For far too long, the approach for management of people living with non-communicable diseases (NCDs) has been based on a curative approach.
This is driven by the idea that health care professionals are the ones who are managing the disease of the patient- giving them the medication required to be able to manage their conditions, while also monitoring disease progression and ensuring that they do not develop complications from their disease.
This has changed somewhat over the past two decades or so, as everyone has come to realise that management of NCDs and their daily conditions requires the person living with the disease to firmly be in the driver’s seat, with everyone else, including health care professionals, overseeing care and playing strong supportive roles.
This is because NCDs are strongly driven by behavioural components; including the need for people living with NCDs to be able to care for themselves in terms of compliance to medication, and reducing their propensity to various risk factors that can play an active part in making their conditions worse.
The issues pertaining to people living with NCDs are tied closely to long-term, sustainable management of their conditions. People living with NCDs need to be better able to take care of the different components of their disease; and run their daily lives while doing this at the same time.
This requires not only them being provided with the medications that require for them to be able to do this, but also the skillsets such as how to monitor and manage their own symptoms. They also require persistent motivational support to be able to be consistent at disease management over a long period of time stretching into years.
In order to ensure that people living with NCDs are empowered to manage their conditions, an active change in terms of how health care systems are managing them need to happen. Health education and mental health behaviour change interventions need to be made part of the formal care processes for people living with NCDs.
And in order to make this happen in a meaningful and effective manner, health care professionals managing people living with NCDs need to be equipped with additional new skillsets.
There are many who will argue that such interventions are already in place in Malaysia. But truth be told, they are actually not. If and when such strategies do exist, they are piecemeal, run in a non-formal manner and rarely embedded into the Standard Operating Procedures (SOPs) pertaining to management of people living with NCDs.
Evidence from the ground proves this. In some places, people living with NCDs are provided with mental health support, while in many places, they are not.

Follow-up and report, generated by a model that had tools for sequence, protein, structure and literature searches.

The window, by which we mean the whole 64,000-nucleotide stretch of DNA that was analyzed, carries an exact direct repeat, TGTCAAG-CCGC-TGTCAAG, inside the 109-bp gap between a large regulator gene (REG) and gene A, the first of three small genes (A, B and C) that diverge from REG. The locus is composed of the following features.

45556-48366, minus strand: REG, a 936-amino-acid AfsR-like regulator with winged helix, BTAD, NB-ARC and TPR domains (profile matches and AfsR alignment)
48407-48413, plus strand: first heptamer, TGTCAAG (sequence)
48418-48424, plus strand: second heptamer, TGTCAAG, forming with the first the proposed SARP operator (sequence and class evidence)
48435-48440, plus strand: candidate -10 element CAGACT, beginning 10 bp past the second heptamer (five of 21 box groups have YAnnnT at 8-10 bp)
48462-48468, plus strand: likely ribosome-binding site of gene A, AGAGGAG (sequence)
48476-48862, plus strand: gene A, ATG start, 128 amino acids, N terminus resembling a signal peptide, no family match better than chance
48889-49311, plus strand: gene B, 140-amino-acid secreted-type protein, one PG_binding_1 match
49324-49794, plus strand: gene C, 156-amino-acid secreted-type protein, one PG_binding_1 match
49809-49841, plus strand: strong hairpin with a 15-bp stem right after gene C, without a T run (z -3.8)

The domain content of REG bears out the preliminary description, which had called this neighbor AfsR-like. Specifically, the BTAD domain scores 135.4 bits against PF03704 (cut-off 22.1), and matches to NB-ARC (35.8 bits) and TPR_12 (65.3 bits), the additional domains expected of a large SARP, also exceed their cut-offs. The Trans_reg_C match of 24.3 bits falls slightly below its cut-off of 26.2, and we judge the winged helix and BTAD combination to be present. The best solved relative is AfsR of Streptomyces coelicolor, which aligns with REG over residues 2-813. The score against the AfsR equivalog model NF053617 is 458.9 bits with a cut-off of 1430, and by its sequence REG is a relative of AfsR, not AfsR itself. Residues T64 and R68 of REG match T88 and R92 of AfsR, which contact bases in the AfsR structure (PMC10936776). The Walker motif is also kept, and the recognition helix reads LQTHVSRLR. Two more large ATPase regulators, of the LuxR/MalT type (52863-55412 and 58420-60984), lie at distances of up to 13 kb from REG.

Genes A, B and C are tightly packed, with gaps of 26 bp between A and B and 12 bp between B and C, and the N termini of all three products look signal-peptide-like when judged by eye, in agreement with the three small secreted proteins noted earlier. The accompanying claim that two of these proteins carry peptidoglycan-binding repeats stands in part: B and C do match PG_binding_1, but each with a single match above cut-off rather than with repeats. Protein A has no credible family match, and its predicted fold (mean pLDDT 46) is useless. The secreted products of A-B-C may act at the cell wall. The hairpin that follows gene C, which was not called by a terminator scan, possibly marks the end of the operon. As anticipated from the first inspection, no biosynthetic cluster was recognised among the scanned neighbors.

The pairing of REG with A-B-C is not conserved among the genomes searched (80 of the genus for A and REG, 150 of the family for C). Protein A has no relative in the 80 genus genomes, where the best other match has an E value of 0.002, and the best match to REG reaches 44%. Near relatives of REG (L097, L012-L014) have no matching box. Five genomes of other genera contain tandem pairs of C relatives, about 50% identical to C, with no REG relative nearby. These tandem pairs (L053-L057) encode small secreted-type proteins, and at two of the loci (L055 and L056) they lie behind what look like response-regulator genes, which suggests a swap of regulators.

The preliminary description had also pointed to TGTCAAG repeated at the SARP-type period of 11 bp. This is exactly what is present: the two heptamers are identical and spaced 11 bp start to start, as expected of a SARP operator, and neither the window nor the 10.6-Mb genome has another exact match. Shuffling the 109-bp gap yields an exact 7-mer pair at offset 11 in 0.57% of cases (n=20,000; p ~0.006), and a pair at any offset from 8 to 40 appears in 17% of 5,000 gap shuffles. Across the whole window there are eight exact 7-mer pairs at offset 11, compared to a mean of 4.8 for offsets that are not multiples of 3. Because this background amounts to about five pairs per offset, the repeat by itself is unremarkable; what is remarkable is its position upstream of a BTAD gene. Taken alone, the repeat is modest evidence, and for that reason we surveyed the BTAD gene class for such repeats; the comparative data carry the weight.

Very little is provided in terms of health education to newly diagnosed or even long-time sufferers of diseases other than a cursory brochure or two, or mere instructions to “Why don’t you Google and find out more about what you can do”. The report can be accessed here.
The reason for this is due to two reasons. The first is the fact that there are never adequate numbers of specific health care professionals such as health care educators and mental health professionals who can support such a transition where such requirements are embedded within formal care processes. This is an existential issue which can only be addressed by a larger transformation of the entire health system.
However, another shortcoming is perhaps more addressable. Current health care professionals caring for people living with NCDs can take a step back and look at the formal care processes being carried out for their patients, and then incorporate small but effective interventions designed to better empower people living with NCDs to be able to manage their conditions.
At the very least, this requires health care professionals to be able to teach patients — and this is a skillset that has not been even considered to be provided to health care professionals working in clinical settings.
Without teaching health care professionals how to teach patients in an effective manner, how can we ever hope that patients will be able to learn enough to do better in caring for themselves?
This article was written by Dr Janice Hew Pei Fang, Mohamad Ishak Ahmad Abir, Thaarenee Wiswannadan, Nariza Alysa Azryn, Dr Jessica Anne Canute, Mahirah Ma’som, Chan Wan Thung, Dr Murallitharan Munisamy, and Dr Saunthari Somasundaram from NCD Malaysia.
NCD Malaysia is the Malaysian chapter of the Global NCD Alliance, comprising 16 organisations that advocate for people living with non-communicable diseases. For further information about NCD Malaysia, please visit the NCD Malaysia Facebook and Instagram pages.
- This is the personal opinion of the writer or publication and does not necessarily represent the views of CodeBlue.